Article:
Woman charged in Amherst hit-run
Intense investigation leads to arrest
Good old-fashioned police work— contacting collision shops and auto-parts stores — led Amherst police to arrest a Town of Tonawanda woman in a hit-and-run accident last weekend that seriously injured two young women.
Andrea L. Glinski, 30, has been charged with leaving the scene of a serious-injury accident, a felony, and failure to use due care toward a pedestrian, following her arrest late Thursday night by the Amherst police Accident Investigation Unit.
The arrest capped an exhaustive investigation, after police learned late Thursday afternoon that a collision shop in Hamburg had ordered parts for a 2003 black Jeep Liberty from a Town of Tonawanda auto-parts store.
Amherst police went to Hamburg to see the vehicle, obtained a search warrant for it and arrested Glinski late Thursday night.
“She gave us a statement that allowed us to lay these charges,” said Amherst Police Capt. Patrick McKenna, commander of the investigation unit.
Glinski was arraigned Friday afternoon in Amherst Town Court, as her parents, a brother and her best friend looked on.
Glinski did not enter a plea, because the Amherst court lacked jurisdiction, according to Amherst Town Justice Mark G. Farrell. Glinski’s lawyer, Paul Cambria, said his client will plead not guilty.
Farrell set a felony hearing for 1:30 p. m. Thursday, and set Glinski’s bail at $100,000, even though he expressed concern that Glinski made no effort to contact law enforcement or hospital officials prior to her arrest.
However, Cambria assured the judge that Glinski, a promotions director for Entercom, owner of radio stations WBEN and WGR, was not a flight risk. Farrell also suspended Glinski’s driver’s license for a year.
Amherst detectives are investigating whether alcohol use could have been involved in the crash. While it might be difficult to prove any alcohol involvement so long afterward, the State Legislature in 2005 closed the “hit, run and hide” loophole in state law, by increasing the penalties for leaving the scene of a serious-injury or fatal accident.
The break in this case came after police Investigator Scott Lawida had contacted the Tonawanda auto-parts store, Parts Channel Inc. on River Road, late Thursday morning.
“He was notifying every auto dealership, every collision shop, every parts store and salvage yard to be on the lookout for a grill, hood damage, anything associated with front-end damage on a black Jeep Liberty from 2002 to 2004,” McKenna said.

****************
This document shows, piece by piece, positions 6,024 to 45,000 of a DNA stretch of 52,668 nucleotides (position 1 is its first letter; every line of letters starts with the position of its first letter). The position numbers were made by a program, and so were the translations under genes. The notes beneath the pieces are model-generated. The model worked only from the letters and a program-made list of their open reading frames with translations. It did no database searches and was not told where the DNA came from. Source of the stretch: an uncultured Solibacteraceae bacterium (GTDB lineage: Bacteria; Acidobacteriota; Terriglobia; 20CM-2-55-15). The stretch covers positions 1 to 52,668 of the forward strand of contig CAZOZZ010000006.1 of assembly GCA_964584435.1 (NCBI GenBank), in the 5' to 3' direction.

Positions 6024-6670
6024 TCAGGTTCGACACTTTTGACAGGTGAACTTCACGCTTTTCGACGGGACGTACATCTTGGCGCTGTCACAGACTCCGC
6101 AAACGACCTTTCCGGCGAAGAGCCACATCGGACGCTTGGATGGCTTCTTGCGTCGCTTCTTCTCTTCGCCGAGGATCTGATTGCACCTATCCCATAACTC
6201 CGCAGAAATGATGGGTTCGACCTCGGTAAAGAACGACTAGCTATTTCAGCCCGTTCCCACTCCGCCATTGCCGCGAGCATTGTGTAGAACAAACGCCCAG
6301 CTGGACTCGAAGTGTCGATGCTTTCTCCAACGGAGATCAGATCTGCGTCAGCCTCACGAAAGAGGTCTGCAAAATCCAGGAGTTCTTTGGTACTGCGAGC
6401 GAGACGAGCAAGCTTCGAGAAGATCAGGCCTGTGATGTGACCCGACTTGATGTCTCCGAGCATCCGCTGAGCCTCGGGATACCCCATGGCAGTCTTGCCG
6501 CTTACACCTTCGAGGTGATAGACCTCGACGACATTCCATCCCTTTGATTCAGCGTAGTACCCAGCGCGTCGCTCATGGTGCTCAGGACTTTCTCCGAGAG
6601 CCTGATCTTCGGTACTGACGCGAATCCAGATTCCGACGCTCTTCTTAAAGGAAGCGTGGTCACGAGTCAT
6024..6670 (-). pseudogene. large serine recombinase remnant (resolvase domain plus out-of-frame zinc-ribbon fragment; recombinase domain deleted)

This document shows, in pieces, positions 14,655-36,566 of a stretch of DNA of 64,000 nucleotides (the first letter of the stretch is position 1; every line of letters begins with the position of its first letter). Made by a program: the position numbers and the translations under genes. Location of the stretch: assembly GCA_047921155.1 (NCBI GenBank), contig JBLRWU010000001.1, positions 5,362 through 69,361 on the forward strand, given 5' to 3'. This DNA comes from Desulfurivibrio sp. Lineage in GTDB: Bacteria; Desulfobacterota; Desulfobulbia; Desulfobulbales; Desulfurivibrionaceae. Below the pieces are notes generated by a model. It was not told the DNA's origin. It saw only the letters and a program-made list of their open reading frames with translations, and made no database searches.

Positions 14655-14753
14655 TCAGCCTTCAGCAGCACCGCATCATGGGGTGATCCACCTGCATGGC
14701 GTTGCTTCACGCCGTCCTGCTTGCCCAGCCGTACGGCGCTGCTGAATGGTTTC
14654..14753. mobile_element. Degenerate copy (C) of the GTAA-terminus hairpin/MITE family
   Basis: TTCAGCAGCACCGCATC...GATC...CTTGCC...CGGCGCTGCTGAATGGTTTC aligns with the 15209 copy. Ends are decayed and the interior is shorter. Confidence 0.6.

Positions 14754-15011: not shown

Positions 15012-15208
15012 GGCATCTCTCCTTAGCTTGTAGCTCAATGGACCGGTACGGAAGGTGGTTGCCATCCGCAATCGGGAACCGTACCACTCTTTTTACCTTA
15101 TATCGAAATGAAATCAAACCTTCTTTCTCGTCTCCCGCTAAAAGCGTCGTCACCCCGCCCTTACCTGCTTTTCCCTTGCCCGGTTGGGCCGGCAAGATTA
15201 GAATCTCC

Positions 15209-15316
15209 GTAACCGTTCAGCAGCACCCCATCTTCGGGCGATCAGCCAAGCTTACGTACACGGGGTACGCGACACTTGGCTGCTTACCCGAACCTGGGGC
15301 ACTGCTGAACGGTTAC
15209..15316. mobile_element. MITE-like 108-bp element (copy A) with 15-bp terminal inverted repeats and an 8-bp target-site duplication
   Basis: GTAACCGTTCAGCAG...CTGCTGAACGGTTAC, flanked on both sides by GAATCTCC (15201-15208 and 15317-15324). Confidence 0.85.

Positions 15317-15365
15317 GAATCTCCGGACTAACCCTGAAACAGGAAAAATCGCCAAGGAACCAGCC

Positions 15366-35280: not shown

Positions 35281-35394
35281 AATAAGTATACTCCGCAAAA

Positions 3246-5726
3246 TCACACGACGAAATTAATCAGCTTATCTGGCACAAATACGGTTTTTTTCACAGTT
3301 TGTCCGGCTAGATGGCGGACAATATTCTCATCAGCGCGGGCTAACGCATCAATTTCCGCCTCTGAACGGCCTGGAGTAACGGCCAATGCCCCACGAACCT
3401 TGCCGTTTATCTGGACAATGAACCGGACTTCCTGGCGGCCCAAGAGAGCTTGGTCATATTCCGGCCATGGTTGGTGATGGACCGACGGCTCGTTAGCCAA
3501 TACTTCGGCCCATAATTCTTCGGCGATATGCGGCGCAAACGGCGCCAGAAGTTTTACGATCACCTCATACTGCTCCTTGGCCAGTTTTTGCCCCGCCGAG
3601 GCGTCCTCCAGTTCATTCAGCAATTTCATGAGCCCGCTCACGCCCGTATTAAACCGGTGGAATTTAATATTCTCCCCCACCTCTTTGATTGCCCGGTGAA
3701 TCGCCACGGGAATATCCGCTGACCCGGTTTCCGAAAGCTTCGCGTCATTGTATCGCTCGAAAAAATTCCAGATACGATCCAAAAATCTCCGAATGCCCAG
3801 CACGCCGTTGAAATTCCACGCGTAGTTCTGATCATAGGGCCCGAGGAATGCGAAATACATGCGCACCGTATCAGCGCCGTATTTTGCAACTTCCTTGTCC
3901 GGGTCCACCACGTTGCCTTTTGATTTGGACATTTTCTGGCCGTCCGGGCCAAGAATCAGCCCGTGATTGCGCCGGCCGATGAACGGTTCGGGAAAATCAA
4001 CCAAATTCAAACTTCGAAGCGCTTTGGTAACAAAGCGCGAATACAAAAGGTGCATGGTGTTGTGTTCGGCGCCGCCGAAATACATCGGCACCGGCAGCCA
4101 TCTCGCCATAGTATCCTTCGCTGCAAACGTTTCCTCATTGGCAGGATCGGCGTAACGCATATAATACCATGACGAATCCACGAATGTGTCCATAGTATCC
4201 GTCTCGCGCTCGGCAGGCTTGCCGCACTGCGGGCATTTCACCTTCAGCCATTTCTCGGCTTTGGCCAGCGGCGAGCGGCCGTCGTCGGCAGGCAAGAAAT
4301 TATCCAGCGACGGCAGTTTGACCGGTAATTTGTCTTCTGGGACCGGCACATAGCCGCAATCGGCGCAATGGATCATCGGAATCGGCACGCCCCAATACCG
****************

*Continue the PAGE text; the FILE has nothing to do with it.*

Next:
Late Thursday afternoon, someone from Wally’s Collision on South Park Avenue in Hamburg ordered front-end parts for such a vehicle from the Tonawanda store. The clerk from the auto-parts store told Wally’s owner that Amherst police were looking for such a vehicle.
Wally’s then called Town of Hamburg police, which relayed the message to Amherst police.
“We went there [to Wally’s] right away and determined that that was the vehicle we wanted,” McKenna said. That launched the events that led to Glinski’s arrest by investigators Terrence Walsh and Robert Mc- Mahon.
Besides contacting all the auto dealerships and collision shops, Amherst police had learned that about 550 black Jeep Libertys from those three years are registered in Erie County.
“Some of my team actually was going door-to-door to contact the owners of these vehicles,” McKenna said.
But Thursday’s break in the case avoided the need for continuing with that gumshoe police work.
“I’m just glad we were able to bring this to a close, not only for us as a police agency, but also for the two families,” McKenna said.
One of the two women struck, Amy E. Stewart, 22, a University at Buffalo graduate student from Grand Island, has remained in a coma. Late Friday, she remained in critical but stable condition in Erie County Medical Center’s trauma intensive- care unit.
“There’s no change,” her father, Robert Stewart, said late Thursday. “She’s still in a coma. It’s going to be a long, long, long haul.”
Her friend, Rachel E. Baird, 21, a Daemen College senior from East Syracuse, remained in fair condition in ECMC.
Stewart’s aunt, Mary May, was in court Friday for Glinski’s arraignment.
“I think [Glinski] deserves to be punished for her crimes,” May told reporters after the hearing.
“These ladies’ lives have been unfairly changed now,” she said.
Police have said that the accident occurred at about 1:40 a. m. last Saturday, when a westbound vehicle on Main Street near Campus Drive hit the two young women, as they were crossing from the south side of the street to the north.
Meanwhile, a special Mass for Stewart has been scheduled for 9:30 a. m. today in St. Stephen Catholic Church, 2100 Baseline Road, Grand Island.